Jakarta’s Air Pollution, and the New Emerging Cause for Skin Aging
Ruri D. Pamela
Department of Dermatology, Dr. Suyoto Hospital Ministry of Defense, Jakarta, Indonesia
Air pollution as an impact of modern urbanization and industrialization continues to increase and has become a global problem. The human skin organ acts as a barrier and frontline to external environment, so it is frequently directly exposed to pollution. A Greenpeace report released in early 2019 listed Jakarta as South Asia’s most polluted city. The effect of major air pollutants such as nitric oxide, polycyclic aromatic hydrocarbons, volatile organic compounds, and particulate matter to human skin has been investigated in few studies. This article reviews how air pollutants currently perceived as a major cause of skin aging through their mechanism in damaging skin barrier and increase accumulation of reactive oxygen species.
Skin damage caused by ultraviolet radiation from the sun has long been recognized as one of the main cause for aging for the last 20-30 years. Now we believe environmental exposure of air pollution is a new emerging problem that we will face for the next few decades. Air pollution is the greatest environmental risk to health today. New data from World Health Organization (WHO) in 2018 shows that 9 out of 10 people breathe air containing high levels of pollutants. Updated estimations reveal an alarming death toll of 7 million people every year caused by ambient (outdoor) and household air pollution1. Numerous clinical and epidemiological studies have highlighted the adverse effects of environmental pollutants on health2. Jakarta is one of the capital cities in south east Asia and this has become a growing concern in today’s society since the city has been making frequent appearances on the list of global cities with the worst air conditions3. The highest exposure to ambient air pollutants in Indonesia (including Jakarta as the most urban area) is attributable to motor vehicles. The index of air pollution in 2007 using Air Quality Monitoring System shows the status “good day” in Jakarta for only 72 days and 29 days in 2017.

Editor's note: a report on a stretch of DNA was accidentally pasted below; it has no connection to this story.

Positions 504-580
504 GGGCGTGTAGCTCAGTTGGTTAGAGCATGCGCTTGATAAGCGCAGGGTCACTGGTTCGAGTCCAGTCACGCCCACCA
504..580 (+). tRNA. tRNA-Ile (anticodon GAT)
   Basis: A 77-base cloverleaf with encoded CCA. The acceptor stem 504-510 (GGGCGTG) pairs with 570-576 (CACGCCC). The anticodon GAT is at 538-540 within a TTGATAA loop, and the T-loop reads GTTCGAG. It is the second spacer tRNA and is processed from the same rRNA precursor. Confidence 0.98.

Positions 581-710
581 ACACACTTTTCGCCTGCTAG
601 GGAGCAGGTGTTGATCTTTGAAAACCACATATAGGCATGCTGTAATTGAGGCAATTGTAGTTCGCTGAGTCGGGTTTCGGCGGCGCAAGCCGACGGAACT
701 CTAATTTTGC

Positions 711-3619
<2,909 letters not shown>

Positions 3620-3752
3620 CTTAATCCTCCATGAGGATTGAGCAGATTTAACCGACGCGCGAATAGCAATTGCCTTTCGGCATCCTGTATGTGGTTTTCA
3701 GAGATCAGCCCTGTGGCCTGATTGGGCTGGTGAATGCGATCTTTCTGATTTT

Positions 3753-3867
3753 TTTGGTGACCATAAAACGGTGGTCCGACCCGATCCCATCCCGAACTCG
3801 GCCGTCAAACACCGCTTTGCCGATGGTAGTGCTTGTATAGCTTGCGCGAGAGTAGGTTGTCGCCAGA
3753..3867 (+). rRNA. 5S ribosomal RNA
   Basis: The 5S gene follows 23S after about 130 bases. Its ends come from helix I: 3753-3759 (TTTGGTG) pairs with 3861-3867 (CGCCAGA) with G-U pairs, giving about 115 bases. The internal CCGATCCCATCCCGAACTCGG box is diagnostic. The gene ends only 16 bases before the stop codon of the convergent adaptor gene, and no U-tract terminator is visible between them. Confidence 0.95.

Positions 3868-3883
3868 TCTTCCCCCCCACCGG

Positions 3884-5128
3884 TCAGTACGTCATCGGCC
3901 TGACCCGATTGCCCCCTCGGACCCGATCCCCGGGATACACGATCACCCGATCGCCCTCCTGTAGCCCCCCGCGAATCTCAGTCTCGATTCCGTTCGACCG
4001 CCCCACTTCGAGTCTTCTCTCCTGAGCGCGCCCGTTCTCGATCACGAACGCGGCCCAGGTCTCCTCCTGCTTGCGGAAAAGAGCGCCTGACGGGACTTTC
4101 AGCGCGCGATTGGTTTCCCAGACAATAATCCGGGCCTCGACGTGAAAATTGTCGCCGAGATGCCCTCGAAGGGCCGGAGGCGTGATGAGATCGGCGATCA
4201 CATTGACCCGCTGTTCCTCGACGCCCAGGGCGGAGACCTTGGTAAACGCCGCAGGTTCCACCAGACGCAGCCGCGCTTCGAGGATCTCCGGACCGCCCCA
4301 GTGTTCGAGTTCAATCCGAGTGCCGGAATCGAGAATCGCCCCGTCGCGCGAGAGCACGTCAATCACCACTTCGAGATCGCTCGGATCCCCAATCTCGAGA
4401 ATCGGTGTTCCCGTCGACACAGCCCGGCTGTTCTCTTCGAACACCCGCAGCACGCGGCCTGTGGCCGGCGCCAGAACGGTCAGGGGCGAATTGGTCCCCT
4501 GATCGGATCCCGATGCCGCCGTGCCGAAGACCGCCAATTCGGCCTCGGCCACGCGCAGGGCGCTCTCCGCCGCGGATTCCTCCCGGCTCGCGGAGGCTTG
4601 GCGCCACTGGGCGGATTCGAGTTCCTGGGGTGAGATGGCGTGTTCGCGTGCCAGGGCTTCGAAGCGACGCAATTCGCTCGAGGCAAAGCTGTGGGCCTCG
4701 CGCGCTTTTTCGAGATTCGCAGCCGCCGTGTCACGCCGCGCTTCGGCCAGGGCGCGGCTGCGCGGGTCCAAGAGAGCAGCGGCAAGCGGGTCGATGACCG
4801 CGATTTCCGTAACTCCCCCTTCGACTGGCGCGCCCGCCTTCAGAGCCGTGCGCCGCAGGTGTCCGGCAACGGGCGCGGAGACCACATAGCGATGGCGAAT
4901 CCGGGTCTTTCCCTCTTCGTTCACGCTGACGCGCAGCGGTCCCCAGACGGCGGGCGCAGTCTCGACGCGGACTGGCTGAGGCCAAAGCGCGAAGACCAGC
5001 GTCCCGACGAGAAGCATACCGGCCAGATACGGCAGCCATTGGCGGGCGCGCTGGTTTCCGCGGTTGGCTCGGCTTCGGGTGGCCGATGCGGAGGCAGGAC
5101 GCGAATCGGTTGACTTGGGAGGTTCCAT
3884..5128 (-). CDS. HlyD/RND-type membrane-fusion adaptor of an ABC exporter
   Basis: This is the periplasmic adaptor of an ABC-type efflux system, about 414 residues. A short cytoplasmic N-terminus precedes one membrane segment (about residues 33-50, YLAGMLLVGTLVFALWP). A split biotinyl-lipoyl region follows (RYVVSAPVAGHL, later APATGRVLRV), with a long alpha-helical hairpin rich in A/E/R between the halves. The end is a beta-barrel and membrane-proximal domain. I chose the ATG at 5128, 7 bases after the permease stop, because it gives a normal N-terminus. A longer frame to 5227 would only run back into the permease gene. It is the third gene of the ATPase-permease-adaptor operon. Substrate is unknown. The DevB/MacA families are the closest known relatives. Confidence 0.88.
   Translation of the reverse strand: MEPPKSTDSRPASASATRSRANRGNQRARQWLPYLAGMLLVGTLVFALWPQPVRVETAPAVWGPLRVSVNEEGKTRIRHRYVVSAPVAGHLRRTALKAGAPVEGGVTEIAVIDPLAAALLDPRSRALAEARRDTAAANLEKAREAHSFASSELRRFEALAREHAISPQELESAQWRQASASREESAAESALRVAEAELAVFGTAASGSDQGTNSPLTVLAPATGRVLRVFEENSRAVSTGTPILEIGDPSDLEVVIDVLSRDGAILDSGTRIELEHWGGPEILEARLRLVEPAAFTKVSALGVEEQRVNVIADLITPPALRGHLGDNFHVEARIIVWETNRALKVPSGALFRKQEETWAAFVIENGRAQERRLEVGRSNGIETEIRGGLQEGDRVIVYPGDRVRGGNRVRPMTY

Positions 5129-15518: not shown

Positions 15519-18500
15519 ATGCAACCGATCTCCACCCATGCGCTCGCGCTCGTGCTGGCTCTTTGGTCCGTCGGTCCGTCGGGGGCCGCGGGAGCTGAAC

Environmental contaminants also have a negative impact on the skin, which is the largest organ in the human body and one of the most important barriers against pollution4,5. Even though not many publications and scientific studies describe the impact of air pollution on skin integrity, this potential hazard should get our attention. Since the skin acts as a barrier between the organism and the environment, it is frequently directly exposed to pollution.
Aging is the result of a complex interaction of biological, physical, and biochemical processes that cause changes and damage to molecules, cellular function, and organs6. Skin aging is caused by two main processes: extrinsic aging due to environmental factors and intrinsic aging due to time. Many publications suggest that intrinsic aging is related to the accumulation of cellular damage from the active oxygen radicals in the body7,8. A relationship between air pollution and skin aging was first shown in the SALIA study, an epidemiological study of elderly Caucasian women, which indicated that exposure to traffic related particulate matter (PM) contributes to skin aging9-11. Another study also showed that prolonged or repetitive exposure to high levels of air pollutants may have profound negative effects on the skin12.